Jessica Pink single-handedly foiled the attempted theft of about $2,000 worth of lawn and garden equipment from The Home Depot on June 20.
She was recognized July 18 with a rarely given Civilian Hero Award by the Chief of Elk River Police Ron Nierenhausen at an Elk River City Council meeting.
The Elk River woman works as a vendor two to three days a week supplying and caring for perennials at the home improvement store.
Nierenhausen learned of Pink’s heroics from Elk River Mayor John Dietz, who relayed Pink’s story that he heard at Rivers Edge Commons Park. The chief looked up the incident report and read with amazement, he said.
The chief shared the particulars of the incident from the June 20 report on file at the police department. He also prefaced his remarks with the old adage: ‘Kids, don’t do this at home.’
“I couldn’t believe the courage she had,” he told the council and a room with a handful of developers, a volunteer of the month recipient and her family as well as the Elk River Chamber of Commerce executive director and two residents who raised concerns about traffic safety in their neighborhood.
Pink risked her own safety out of love for her community while pursuing a suspected shoplifter out of the store and went as far as hopping into the bed of his truck to deter his getaway plan. Pink, who measures just five feet tall, explained the ordeal in great detail after the meeting.
“I’m pretty agile,” said the former gymnast who graduated from Monticello High School in 1997 and was a state champ in the uneven bars that year. “I’m also pretty daring. I’ll pretty much do anything.”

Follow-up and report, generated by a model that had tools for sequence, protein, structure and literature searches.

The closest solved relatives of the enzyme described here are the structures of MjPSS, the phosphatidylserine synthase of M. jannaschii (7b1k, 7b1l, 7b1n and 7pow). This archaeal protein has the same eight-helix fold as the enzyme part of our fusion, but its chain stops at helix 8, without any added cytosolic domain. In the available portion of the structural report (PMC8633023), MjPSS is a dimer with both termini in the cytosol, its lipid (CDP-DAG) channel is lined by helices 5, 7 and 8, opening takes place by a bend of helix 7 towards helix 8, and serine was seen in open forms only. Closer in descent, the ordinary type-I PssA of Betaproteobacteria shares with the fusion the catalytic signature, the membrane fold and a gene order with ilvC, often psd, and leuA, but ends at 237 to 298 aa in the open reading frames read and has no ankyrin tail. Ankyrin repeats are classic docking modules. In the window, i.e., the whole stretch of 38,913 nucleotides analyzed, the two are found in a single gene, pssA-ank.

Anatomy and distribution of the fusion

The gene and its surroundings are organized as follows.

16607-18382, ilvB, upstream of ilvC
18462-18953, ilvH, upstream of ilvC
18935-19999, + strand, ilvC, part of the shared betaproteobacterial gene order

Pink is no wall flower.
She competed in gymnastics for two decades, including a few years collegiately, and ran marathons after her time at the University of Wisconsin at Eau Clare.
Her college gymnastics team, the Blugolds, finished fifth at nationals during Pink’s senior season due in no small part to the four-year letter winner and record-breaking effort by the whole team.
Over the last decade health issues have hindered her, and they were compounded by COVID-19. Her bout with the coronavirus led to liver and kidney failure before she began to recover.
“When you’re an athlete your whole life and it’s taken from you it’s hard,” she said.
Pink is getting stronger again, and it’s apparent her courage and drive to do what’s right in the face of adversity and even danger has not waned.
The foiled theft
Pink was tending to her company’s perennials at The Home Depot on June 20 when she all of a sudden heard a cashier say: “Sir, did you pay for that?”
Pink says she was about 10 feet away and made eye contact with the clerk and asked her if he had paid, and she shook her head no.
“So I said, ‘Sir, I think you should show her your receipt,’” Pink said. “I said it multiple times. He just kept pushing the cart. He was wearing a COVID-type mask.”
The clerk asked her to get a license plate. She quickened her pace and another witness came out saying, “That’s stealing,” to the fleeing man.
Pink assessed the situation as she followed.